BTW, tardive dyskinesia is very hard to manage, a really good neurologist might try med changes and some meds to counteract it, but it often does not subside very much at all no matter what you do.

God bless you for caring, and I know you wish you - or someone- could do more to make it better. It probably can't be done or it would have been done already though. Nothing wrong with getting a second or third psychiatry or neurology opinion and staying on top of research, but there just may not be anything else. Most everything I had them to try for my mom backfired with side effects, unfortunately,
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I highly recommend (if you can afford it) hiring a paid caregiver to be with her at certain times of the day. This will give her someone else to interact with and also gives you another "set of eyes" at the facility where she lives. She will also be a little less dependent on you and you have someone there who is dedicated to her care not 50 other patients.
It is a slippery slope when you become someone's only contact. Her depression will take you down.
You sound like a responsible man who cares deeply for your wife. Shame on the daughters who just "cannot take" seeing their mother in her present condition (this is happening in my family too....and I agree, you just cannot look the other way and hope that your loved one gets the help they need.)
I fear that if you do not get some time to rejuvenate, you will be joining her soon.... Take care of yourself, so you can take care of your wife.
good luck,

As a former primary caregiver, I know it's hard to let other people take care of your relative, let alone someone as close to you--your wife. ...but if you feel like you have less time for yourself now (that she is in assisted living) than when she was living at home with you--maybe you ought not to go up there as often. I know that sounds hard to do. Maybe you could look at it as 1) taking a few days of vacation off. You can let the staff know at the ALF (Assisted Living Facility) that they can reach you if anything urgent comes up and you'll be back in a few days. It doesn't necessarily have to be on the weekends, it could be during the week. I know I don't like to leave my relatives in the hospital, nursing home, assisted living facility
alone on the weekends. ...but I also know that they have a set procedure that they are to follow, so if I go up and spend an hour, 2 or 3, or half the day--I know they're there to care for her. When I was caring for my MIL at home, my husband & sister talked me into going on a wkend getaway (with my sister and some old friends that I hadn't seen since college). I felt guilty that I was leaving my MIL for the weekend (even though I knew that my husband and SsIL would care for her). You know what? I had a good time and I recharged my batteries (so to speak)! Take some time out for yourself and then you can come back to the assisted living facility where your wife is and you'll feel refreshed. If you feel like you have to find out how she is, you can always call and speak to the nurses. I hope this helps! Good luck!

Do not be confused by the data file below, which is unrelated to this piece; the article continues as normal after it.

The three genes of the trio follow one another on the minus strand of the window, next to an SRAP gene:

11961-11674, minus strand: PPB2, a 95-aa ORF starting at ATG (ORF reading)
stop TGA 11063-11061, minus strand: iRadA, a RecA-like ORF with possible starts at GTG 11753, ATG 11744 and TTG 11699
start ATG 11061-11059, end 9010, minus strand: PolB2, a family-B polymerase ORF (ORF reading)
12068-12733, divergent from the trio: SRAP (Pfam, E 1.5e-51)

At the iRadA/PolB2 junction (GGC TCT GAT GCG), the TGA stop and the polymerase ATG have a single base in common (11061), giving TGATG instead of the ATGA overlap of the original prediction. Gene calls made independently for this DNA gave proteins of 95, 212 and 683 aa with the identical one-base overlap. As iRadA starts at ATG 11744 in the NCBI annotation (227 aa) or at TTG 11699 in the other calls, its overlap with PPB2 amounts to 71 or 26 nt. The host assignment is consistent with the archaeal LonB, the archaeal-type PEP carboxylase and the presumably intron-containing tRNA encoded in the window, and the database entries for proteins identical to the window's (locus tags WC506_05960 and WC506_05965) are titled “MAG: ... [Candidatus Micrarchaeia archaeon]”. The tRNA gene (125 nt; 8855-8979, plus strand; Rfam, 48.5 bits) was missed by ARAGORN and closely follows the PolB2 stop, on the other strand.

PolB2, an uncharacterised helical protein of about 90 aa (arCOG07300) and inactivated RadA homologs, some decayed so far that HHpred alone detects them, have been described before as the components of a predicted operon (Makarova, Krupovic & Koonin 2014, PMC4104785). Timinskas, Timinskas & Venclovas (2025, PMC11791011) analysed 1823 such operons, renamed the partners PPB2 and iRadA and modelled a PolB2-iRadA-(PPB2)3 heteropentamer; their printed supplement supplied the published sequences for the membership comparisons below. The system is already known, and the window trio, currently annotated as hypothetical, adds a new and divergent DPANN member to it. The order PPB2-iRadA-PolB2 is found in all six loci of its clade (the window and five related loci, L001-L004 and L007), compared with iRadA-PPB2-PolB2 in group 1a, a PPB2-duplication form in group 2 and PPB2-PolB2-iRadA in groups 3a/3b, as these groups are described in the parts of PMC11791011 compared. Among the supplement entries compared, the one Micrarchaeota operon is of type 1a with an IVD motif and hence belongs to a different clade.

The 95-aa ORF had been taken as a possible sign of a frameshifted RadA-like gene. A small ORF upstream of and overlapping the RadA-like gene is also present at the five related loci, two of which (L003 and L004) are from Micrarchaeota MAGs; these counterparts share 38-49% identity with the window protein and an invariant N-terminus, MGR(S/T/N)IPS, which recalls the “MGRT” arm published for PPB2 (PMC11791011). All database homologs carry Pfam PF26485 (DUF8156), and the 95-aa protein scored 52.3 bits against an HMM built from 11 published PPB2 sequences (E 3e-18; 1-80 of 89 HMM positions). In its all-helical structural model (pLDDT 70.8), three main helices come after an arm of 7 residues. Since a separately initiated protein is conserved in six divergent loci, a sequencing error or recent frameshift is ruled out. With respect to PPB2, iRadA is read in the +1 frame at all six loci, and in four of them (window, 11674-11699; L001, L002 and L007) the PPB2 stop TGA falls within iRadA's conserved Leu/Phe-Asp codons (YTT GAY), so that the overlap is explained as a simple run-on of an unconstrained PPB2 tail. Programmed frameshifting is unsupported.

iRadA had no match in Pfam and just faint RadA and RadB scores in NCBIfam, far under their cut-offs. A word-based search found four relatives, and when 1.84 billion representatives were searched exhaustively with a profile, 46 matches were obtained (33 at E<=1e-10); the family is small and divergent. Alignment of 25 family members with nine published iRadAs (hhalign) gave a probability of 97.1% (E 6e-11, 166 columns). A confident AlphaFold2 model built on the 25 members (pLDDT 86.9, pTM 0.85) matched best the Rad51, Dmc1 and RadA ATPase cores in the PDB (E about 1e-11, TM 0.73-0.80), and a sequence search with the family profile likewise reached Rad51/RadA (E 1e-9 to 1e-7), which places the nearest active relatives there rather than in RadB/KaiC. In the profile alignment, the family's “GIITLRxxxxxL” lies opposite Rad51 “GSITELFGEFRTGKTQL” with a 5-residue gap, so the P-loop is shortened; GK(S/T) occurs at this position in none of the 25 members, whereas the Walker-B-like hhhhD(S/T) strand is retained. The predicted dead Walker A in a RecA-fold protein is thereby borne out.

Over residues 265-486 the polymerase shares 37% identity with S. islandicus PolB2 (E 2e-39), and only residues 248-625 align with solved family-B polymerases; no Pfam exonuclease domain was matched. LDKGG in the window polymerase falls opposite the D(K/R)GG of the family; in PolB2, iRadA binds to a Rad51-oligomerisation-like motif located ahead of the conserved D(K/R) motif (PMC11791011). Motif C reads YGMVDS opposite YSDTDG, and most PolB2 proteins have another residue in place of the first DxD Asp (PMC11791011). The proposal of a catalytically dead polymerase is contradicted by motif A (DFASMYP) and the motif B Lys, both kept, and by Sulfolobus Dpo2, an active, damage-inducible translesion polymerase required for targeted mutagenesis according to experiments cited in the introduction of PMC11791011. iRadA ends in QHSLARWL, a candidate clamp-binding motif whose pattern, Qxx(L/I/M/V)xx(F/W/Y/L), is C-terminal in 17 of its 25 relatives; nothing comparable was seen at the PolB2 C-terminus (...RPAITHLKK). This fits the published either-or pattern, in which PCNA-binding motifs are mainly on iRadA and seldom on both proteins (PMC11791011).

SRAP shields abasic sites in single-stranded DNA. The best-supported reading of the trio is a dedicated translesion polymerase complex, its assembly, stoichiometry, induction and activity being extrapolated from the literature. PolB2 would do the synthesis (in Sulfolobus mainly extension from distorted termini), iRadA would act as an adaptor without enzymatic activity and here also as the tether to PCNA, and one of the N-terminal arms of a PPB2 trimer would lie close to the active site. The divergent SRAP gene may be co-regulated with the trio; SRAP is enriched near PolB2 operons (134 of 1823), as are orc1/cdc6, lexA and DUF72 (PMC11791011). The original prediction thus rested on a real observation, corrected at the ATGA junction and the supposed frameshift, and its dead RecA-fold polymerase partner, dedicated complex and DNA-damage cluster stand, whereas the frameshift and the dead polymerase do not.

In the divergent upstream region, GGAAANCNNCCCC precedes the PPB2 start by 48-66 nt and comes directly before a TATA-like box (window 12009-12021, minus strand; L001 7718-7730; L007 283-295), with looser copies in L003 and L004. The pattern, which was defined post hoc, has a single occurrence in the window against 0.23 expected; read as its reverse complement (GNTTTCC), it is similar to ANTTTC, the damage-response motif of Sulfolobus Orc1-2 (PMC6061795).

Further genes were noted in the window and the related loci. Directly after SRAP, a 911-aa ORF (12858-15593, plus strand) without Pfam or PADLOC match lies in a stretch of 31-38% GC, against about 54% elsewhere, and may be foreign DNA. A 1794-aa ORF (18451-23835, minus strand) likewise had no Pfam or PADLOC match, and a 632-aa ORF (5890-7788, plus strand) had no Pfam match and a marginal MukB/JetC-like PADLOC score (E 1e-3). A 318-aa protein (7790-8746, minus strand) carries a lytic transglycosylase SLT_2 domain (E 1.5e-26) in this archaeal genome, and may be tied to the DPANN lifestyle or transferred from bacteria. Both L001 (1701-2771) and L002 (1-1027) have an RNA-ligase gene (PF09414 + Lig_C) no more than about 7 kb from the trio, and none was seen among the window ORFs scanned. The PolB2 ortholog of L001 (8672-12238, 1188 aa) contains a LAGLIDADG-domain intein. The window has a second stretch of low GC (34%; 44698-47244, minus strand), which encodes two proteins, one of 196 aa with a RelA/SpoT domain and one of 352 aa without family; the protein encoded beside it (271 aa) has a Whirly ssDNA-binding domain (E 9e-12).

I agree with Lilli. If you cannot afford to hire a caregiver, could a neighbor or a church friend or just a friend go in ever so often to give you a break. I also read the comment about having the phone call go through the desk. That was an awesome idea. We learn from each others experiences and that brings a little hope to our own life.
We have a program in my local city called Partners In Hope and they have a lot of seniors volunteering to help others out. Check around in your community and see if their might be some kind of program in your area. They help people in need of financial, food, transportation and sometimes caregiving. It's a good area to start in. Good luck. You are a devoted spouse and there are not many out there. Thank you! Donna H.

There's no doubt you still love her very much, but you need to get on with the rest of your life. If there was good communication between you before she went into AL, I'm sure she'll understand you can't continue to put things on the back burner while seeing to her needs. After all, you did that for 10 years.

In any case, she's still your wife and you have to meet her half way. I suggest you visit her Tue., Thu., & Sat. 2-4 hours, but make sure it's quality time. Your children can fill in the rest of the week, but don't expect them to.

For better or worse, in sickness and in health, you took a vow to be there. When you live life to the fullest, you don't have to worry about how many years you have left. And most things aren't seen as an obligation but as building blocks of joy and love. So don't forget to spend Christmas and greet the New Year with her. If you've never kissed under the mistletoe, now's your chance.

-- ED